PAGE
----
European finance ministers last week gave France until 2017 to bring its fiscal deficit below 3% of GDP, from an estimated 4.3% in 2014, the third extension since 2009 as it has consistently missed its targets. France is now required to cut its deficit to 2.8% of GDP in 2017, from 4.0% this year. This equates to an improvement in the structural deficit of 0.5% of GDP this year, 0.8% in 2016 and 0.9% in 2017. Capital Economics notes in a report on Monday:
- Although the additional oversight and conditions attached to the waiver might suggest that France is more likely to succeed this time around, we are still sceptical that the French Government will manage to meet these deadlines and successfully reduce its budget deficit.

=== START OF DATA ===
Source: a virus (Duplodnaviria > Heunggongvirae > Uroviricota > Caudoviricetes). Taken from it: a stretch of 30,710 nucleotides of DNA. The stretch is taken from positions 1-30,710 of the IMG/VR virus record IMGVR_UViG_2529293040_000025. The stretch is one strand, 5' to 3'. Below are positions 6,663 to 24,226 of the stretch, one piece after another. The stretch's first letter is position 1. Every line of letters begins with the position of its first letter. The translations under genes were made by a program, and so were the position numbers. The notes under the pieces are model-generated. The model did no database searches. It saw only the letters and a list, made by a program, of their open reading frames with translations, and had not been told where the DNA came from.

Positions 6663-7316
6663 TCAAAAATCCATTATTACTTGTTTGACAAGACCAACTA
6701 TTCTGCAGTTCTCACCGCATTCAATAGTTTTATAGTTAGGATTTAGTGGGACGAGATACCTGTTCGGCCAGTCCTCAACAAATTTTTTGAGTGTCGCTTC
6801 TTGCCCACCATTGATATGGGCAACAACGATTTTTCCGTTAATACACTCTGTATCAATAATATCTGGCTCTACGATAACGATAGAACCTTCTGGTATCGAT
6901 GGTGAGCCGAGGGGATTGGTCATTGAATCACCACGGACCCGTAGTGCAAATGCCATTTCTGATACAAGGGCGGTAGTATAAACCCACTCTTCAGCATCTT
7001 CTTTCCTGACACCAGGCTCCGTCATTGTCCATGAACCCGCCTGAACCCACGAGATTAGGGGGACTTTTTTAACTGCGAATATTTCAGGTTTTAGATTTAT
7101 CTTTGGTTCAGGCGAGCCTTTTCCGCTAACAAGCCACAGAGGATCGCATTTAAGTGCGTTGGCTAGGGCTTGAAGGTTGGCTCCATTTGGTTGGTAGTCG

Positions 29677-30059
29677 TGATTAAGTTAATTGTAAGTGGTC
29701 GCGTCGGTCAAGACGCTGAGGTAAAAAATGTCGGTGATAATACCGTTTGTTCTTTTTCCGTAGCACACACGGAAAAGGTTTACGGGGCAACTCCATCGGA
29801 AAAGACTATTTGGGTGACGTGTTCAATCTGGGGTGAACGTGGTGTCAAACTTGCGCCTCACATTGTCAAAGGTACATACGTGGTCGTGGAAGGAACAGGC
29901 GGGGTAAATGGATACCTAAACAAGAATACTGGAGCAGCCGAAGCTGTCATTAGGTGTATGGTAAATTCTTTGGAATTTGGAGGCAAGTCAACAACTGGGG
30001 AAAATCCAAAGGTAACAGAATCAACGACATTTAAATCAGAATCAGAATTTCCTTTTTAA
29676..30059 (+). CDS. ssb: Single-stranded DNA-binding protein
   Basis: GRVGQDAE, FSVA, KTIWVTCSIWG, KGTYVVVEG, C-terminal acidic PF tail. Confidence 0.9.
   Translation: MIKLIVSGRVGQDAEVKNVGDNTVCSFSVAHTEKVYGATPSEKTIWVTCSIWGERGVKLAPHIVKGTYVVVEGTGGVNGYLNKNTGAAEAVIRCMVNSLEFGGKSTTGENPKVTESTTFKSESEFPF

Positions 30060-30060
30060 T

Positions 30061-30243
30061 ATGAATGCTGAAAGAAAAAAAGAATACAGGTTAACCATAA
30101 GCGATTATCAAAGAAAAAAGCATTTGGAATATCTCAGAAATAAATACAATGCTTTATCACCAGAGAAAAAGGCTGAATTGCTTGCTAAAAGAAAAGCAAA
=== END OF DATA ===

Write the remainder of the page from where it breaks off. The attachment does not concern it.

- France faces an uphill task in bringing its budget deficit down and we think it could easily fail to meet the EC’s stringent deadlines, raising the chance of financial sanctions. And while structural reforms are sorely needed, austerity risks damaging France’s weak growth outlook even further.
- We think that it will still struggle to achieve the necessary fiscal consolidation given France’s prevailing political and economic backdrop.
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